There’s been a lot of debate over what the University should do to fix our general education system. Some parties are saying that we should eliminate various courses that seem unnecessary to further a student’s education.
The SGA President at this University has presented his ideas to the general education ad hoc committee. He seems to think that it needs to be broadened to give students more options. That is the opposite of most of the drafts from the committee itself. They seem to agree on the fact that the system should be reduced slightly to keep students moving through their education and out into the real world.
It seems that the major talking point for a system overhaul is the graduation rate. The concern makes sense. We should be pushing for students to get through the University in four years. Instead, some of us are struggling to get out of here in six. Adding two years of student loans to the pile of debt that a graduate has already accumulated is nothing to take lightly, but we might not be looking at the whole picture.
Is the general education program really to blame? Have we settled on that as a definitive cause or is that our scapegoat? The system might need a small tweak, but only if we are addressing the closely related issues, which assist in holding back students, as well.
Take, for example, our advising system. Too many students have no idea what they should be taking when the add/drop period rolls around. This isn’t due to the fact that they haven’t had a meeting with their advisor, but it seems that some of those doing the guidance might not have all the answers either.
The degree evaluation system is too screwy. It’s complicated enough to figure out that you’re supposed to be taking a course when you are, but telling whether or not you’ve fulfilled an entire study area is another. Then what happens when the advisor is correct in their suggestions, but the student cannot get into the desired class?
Block scheduling. This was supposed to happen a long time ago, but we’re still stuck. For some reason, people cannot get what they want when it comes time for them to register. Where that problem stems from is irrelevant; it needs to be fixed. Students still have courses during the “university hour”and classes are over booked. With a fix to an online system that controls scheduling, this could easily be avoided.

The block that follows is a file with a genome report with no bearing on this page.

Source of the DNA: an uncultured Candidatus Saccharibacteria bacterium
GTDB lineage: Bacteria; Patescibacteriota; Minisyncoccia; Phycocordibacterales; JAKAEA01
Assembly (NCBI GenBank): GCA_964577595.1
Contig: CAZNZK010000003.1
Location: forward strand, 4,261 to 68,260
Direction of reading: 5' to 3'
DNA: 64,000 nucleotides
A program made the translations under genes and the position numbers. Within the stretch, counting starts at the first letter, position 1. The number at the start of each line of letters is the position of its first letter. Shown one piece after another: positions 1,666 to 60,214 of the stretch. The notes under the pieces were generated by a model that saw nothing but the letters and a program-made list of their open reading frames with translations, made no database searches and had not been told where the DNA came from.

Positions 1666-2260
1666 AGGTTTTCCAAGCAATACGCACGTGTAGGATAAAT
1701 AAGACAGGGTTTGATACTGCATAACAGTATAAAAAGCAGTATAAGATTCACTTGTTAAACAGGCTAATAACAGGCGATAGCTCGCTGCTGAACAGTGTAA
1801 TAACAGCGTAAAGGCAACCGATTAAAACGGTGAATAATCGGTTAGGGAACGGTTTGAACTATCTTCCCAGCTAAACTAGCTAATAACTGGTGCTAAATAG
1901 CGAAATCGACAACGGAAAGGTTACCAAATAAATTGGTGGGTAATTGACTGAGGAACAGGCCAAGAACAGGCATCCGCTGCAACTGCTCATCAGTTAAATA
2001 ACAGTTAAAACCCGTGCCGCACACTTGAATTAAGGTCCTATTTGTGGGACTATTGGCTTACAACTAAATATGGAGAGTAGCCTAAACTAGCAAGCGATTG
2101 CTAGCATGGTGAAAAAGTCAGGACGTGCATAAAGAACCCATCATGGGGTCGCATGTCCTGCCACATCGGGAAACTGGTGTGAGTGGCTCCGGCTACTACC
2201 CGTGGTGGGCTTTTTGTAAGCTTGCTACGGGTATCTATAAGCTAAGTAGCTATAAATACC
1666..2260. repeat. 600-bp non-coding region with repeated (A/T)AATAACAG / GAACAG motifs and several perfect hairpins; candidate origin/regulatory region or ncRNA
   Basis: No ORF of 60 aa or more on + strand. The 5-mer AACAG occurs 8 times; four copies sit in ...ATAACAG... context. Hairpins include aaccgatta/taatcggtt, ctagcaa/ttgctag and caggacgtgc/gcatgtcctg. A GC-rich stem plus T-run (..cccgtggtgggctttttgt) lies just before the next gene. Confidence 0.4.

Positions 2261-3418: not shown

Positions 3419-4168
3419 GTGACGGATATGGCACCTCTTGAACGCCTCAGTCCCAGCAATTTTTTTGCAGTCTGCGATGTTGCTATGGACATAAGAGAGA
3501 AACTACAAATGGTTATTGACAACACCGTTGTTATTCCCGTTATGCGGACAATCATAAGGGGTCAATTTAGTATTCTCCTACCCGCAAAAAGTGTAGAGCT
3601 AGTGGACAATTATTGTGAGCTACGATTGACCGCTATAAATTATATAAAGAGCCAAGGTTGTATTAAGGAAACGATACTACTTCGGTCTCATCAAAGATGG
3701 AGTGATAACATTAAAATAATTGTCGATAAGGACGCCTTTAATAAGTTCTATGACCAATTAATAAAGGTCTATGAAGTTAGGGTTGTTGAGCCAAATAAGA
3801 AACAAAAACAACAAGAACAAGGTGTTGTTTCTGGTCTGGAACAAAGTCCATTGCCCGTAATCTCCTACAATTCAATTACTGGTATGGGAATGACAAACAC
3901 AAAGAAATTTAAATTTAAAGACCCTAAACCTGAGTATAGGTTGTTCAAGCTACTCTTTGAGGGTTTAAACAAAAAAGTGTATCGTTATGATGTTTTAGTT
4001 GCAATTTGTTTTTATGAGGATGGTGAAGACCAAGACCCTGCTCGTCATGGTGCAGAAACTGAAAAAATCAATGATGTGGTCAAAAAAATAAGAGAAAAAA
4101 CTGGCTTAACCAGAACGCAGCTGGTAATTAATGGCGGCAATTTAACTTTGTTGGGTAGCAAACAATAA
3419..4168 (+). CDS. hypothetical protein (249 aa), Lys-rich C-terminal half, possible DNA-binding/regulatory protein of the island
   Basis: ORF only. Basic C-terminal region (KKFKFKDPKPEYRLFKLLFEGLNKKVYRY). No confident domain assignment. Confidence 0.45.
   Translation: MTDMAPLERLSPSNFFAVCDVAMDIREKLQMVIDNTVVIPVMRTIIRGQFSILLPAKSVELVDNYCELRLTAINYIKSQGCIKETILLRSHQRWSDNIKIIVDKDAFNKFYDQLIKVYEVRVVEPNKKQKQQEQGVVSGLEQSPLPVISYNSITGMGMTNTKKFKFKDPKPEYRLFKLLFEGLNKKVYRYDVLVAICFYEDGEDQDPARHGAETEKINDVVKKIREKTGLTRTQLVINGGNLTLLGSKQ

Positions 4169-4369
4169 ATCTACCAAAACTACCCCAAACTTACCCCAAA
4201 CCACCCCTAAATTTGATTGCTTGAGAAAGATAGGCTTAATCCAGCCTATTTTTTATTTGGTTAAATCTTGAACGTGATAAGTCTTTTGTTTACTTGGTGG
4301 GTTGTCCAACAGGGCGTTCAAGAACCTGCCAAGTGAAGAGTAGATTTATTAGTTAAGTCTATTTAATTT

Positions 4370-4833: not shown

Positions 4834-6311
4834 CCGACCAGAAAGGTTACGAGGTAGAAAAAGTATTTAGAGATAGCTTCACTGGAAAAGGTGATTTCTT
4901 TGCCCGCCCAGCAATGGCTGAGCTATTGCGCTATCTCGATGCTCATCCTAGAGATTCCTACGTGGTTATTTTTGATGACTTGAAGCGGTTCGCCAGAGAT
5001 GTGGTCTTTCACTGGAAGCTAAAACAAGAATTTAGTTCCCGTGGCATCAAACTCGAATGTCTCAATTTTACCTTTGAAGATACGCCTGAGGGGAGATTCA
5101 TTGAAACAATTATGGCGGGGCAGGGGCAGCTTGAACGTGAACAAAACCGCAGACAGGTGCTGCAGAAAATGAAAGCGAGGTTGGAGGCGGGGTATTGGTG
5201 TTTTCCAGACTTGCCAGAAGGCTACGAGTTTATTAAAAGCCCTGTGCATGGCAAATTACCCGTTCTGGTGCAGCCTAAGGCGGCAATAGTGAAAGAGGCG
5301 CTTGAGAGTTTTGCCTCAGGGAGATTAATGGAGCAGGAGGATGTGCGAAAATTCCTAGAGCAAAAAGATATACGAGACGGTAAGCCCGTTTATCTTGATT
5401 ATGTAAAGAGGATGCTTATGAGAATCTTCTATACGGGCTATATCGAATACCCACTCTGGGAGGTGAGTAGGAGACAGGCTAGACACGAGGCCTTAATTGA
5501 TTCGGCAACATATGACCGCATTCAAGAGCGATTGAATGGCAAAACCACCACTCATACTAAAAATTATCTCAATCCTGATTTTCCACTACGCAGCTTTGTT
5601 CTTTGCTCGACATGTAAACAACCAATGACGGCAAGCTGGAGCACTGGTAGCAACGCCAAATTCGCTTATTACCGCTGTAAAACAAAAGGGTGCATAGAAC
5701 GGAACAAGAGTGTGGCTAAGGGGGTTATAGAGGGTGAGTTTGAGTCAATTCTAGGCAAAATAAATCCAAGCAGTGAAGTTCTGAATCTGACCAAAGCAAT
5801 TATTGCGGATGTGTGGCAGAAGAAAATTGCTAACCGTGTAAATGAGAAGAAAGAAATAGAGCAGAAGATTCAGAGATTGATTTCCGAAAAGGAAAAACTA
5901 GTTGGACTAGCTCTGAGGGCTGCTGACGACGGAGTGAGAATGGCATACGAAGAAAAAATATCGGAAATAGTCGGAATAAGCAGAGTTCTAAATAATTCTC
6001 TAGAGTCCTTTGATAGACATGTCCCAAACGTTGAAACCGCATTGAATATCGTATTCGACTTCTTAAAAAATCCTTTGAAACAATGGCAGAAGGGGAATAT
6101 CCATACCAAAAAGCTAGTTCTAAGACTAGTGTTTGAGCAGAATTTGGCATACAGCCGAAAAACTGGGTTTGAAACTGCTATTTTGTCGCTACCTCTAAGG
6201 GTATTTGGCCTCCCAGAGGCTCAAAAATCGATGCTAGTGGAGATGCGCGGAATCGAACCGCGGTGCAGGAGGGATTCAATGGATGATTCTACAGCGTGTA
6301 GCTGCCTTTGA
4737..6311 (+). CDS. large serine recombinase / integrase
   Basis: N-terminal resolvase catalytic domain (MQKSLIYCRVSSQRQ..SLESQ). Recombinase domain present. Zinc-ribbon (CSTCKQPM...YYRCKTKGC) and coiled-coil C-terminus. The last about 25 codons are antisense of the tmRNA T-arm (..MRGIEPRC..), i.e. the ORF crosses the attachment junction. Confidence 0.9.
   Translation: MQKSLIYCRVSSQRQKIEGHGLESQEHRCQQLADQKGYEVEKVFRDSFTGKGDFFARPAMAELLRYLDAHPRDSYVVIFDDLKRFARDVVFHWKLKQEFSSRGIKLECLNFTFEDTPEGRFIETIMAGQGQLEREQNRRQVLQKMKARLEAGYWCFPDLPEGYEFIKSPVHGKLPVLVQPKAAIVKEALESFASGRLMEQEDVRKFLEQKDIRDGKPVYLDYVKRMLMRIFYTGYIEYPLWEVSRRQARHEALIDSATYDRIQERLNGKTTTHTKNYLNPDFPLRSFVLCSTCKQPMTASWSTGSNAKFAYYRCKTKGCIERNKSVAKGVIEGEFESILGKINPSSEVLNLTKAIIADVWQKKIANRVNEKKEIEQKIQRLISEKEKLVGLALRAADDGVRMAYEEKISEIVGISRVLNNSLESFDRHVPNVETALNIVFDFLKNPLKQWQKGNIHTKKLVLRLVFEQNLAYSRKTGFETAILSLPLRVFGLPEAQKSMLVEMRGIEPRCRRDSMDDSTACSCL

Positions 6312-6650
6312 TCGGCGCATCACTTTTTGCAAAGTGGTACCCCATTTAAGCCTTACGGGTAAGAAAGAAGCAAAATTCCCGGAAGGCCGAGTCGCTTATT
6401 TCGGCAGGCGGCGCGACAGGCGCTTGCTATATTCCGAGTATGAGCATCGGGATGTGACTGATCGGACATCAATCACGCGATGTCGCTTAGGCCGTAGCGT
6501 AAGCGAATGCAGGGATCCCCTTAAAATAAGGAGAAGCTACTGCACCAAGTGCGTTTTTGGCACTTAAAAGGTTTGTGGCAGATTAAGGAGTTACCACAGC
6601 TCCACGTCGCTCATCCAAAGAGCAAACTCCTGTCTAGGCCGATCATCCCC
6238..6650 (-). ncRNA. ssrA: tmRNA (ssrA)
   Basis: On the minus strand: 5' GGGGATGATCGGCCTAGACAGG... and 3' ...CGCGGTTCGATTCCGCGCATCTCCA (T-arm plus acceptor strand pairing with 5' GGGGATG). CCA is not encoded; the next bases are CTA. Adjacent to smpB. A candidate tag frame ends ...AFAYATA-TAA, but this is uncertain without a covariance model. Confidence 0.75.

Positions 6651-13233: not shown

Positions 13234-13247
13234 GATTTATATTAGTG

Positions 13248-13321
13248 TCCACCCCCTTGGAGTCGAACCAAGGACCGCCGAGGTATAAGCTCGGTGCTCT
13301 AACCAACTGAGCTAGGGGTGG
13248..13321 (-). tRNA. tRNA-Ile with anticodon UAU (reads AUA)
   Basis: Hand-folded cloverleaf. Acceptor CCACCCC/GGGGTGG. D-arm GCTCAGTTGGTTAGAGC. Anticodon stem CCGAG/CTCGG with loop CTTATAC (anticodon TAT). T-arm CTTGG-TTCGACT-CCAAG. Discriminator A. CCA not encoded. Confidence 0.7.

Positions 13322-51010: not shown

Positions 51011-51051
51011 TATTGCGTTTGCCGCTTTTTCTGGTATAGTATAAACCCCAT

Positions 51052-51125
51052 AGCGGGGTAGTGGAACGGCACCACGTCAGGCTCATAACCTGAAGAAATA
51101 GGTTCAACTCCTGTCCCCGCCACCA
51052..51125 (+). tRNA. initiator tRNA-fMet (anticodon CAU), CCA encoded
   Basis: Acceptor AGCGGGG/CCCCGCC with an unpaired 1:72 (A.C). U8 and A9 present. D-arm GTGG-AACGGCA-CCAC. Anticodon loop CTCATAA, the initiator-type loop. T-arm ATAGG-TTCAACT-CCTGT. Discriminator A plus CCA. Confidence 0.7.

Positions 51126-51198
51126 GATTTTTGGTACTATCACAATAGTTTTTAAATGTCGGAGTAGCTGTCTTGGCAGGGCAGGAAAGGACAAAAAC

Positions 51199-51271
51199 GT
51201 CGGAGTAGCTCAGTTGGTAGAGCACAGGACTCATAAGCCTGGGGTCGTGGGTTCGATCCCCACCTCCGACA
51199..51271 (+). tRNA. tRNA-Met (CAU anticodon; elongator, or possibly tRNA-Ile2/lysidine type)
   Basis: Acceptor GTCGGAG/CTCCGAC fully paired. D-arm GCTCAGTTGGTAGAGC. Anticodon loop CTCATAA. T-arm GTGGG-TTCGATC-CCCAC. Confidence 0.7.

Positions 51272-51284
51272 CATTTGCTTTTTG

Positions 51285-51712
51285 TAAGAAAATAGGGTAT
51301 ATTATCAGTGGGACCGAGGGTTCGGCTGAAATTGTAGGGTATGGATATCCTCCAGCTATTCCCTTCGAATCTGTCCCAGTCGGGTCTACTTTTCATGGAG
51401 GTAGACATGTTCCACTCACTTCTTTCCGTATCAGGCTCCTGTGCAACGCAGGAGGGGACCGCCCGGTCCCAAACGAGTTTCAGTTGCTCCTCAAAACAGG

Even with all the systems in place, the students should be held responsible completely. It’s their education and if they want to get out of here, it would behoove them to research what it takes to do so.
General education has opened a lot of doors for many students at this University and a scalping of the system would certainly take away from the exposure that someone gets to a new major. It’s a program that can turn a communication major into a business major. Letting a student experience a new discipline should always be a priority.
A well-rounded education is what differentiates a college from a trade school. Before we are quick to point the finger at general education, and subsequently wait to see if its reform changes anything, let’s make sure that we tackle any other existing issues as well. When the committees meet to decide what our programs should be, we hope that they take into account all sides. We should not just do what makes more sense financially, or somehow visually, for our university.